As little as the supply of people willing & able to do the job for the money equates the number of people required to fill the roll. Currently I'd hazard to guess there are more people trying/willing and able to be firefighters then there are positions available.
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  #365  
Old Posted Jan 17, 2018, 4:19 PM
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Originally Posted by cheswick View Post
Currently I'd hazard to guess there are more people trying/willing and able to be firefighters then there are positions available.
Even if you could effectively replace the entire WFPS with people interested and physically capable of doing those jobs there is a lot of value in knowledge of having done that type of job for many, many years. That isn't the type of knowledge you can get without having worked with other experienced people as your mentors.

While on paper what they are paid may seem high but when you need to pickup the phone and call 911 because your family is in trouble do you want the person that is in their first month on the job or someone that has spent 20 years learning the craft coming to help?
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  #366  
Old Posted Jan 17, 2018, 5:01 PM
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Originally Posted by Biff View Post
I have to disagree with you. This is a big impression of Firefighters and for probably 75% of the time they do cook, train and exercise. They do have favorable hours working 4 on/4 off type splits for performing side work. But I think you underestimate what it takes and the training involved to run into a burning building. They do spend a lot of time extracting people from car accidents and being first on scene as first responders.

I am not on board with all of the management and bureaucratic crap that goes with the senior officials but I think the rank and file get paid for what they do when it counts.

How much should you pay for someone who is essentially EMT trained, willing to risk their lives when they go to work and are consistently exposed to hazardous elements and chemicals each time they attend a fire scene?
Couple buddies are firefighters, shift work is the hardest part of the job and the job is not a hard one, to be a firefighter you need to be physically fit when hired and have taken an eight month fire fighting course which they offer in Brandon, the course is fairly easy.
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  #367  
Old Posted Jan 17, 2018, 5:13 PM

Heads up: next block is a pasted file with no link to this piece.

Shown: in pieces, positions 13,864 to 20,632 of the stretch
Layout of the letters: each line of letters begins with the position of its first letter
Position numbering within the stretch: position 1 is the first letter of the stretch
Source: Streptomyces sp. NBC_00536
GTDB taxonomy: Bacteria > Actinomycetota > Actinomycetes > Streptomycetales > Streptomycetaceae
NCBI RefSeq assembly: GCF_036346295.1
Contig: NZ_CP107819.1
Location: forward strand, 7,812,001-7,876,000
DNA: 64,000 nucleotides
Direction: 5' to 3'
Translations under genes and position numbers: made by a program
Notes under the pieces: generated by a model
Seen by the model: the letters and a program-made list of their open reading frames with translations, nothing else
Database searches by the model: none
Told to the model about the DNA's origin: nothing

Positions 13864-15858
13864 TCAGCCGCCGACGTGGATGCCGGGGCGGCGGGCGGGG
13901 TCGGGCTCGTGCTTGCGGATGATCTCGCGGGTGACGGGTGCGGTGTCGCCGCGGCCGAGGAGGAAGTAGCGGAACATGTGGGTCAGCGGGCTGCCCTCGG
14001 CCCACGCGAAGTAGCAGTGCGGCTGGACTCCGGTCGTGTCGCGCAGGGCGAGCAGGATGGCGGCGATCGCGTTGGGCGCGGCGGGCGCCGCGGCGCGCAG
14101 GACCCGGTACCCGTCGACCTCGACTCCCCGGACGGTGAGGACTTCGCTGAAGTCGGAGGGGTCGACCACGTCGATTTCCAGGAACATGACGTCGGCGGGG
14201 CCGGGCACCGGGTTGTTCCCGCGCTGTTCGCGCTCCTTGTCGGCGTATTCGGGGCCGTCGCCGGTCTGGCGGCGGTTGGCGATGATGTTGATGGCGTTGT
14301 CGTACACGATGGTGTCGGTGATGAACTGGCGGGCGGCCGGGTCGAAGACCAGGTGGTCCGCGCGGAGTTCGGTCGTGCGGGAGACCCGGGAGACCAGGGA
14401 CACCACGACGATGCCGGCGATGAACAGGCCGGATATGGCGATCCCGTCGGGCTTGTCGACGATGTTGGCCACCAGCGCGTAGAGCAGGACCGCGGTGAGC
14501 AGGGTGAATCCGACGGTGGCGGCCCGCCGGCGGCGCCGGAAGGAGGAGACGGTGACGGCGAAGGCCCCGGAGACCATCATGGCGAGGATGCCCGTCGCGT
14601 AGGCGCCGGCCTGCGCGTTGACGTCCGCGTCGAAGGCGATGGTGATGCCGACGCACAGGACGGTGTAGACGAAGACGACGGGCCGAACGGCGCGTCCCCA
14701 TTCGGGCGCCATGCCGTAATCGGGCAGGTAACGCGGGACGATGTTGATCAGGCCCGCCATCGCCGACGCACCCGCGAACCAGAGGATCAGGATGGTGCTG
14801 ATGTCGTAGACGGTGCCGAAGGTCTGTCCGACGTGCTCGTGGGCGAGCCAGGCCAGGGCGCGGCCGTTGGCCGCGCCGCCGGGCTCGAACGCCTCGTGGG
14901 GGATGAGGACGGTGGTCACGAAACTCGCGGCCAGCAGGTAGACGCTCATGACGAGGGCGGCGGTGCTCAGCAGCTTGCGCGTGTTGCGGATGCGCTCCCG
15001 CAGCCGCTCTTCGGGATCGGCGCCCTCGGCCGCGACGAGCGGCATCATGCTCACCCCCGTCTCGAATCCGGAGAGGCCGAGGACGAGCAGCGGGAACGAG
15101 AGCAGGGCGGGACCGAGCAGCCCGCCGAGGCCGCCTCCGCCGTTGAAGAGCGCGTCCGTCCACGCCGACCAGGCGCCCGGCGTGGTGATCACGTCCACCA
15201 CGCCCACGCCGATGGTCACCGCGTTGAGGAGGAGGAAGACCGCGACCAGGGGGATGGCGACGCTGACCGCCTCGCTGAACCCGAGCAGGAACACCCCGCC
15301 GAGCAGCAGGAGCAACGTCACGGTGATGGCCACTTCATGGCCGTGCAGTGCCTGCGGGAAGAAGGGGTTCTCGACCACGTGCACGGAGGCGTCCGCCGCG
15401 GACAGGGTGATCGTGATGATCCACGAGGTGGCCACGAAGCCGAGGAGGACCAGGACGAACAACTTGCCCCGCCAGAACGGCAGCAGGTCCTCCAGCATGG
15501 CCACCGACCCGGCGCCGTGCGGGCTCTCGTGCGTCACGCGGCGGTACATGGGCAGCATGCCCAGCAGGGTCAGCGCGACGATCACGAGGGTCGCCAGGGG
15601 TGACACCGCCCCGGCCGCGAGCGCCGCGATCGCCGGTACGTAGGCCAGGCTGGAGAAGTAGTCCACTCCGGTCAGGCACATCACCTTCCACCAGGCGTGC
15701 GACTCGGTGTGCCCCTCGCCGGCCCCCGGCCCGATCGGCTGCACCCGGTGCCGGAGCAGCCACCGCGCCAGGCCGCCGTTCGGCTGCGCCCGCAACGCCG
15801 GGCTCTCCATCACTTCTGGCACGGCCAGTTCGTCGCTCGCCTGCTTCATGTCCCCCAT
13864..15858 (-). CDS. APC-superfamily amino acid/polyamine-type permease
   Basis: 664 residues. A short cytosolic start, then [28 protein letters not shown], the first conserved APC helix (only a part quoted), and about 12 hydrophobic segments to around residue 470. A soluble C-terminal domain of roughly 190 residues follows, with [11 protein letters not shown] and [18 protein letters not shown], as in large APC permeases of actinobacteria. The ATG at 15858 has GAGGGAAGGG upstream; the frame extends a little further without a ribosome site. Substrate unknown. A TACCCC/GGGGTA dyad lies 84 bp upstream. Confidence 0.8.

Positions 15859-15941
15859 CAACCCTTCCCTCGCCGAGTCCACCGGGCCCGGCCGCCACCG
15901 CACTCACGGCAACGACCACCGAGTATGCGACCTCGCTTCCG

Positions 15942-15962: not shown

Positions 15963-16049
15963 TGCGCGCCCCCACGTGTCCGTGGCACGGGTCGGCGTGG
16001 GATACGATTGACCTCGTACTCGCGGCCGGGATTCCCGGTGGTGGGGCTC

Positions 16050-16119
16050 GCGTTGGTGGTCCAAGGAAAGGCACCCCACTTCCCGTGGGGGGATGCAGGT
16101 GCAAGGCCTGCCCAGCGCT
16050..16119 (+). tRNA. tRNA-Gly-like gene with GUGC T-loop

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Originally Posted by CoryB View Post
Even if you could effectively replace the entire WFPS with people interested and physically capable of doing those jobs there is a lot of value in knowledge of having done that type of job for many, many years. That isn't the type of knowledge you can get without having worked with other experienced people as your mentors.

While on paper what they are paid may seem high but when you need to pickup the phone and call 911 because your family is in trouble do you want the person that is in their first month on the job or someone that has spent 20 years learning the craft coming to help?
Come on do you think fighting fires is rocket science, you hook up a hose and point it at the fire sure there are a lot of variables, hazardous materials etc. but 25 years ago firefighters that got hired had a 3-5 weeks training and were good to go and everything worked out just fine.

Don't believe the union hype that firefighting is some very specialized training or are they medically trained like nurses.
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  #368  
Old Posted Jan 17, 2018, 5:20 PM
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Originally Posted by CoryB View Post
Even if you could effectively replace the entire WFPS with people interested and physically capable of doing those jobs there is a lot of value in knowledge of having done that type of job for many, many years. That isn't the type of knowledge you can get without having worked with other experienced people as your mentors.

While on paper what they are paid may seem high but when you need to pickup the phone and call 911 because your family is in trouble do you want the person that is in their first month on the job or someone that has spent 20 years learning the craft coming to help?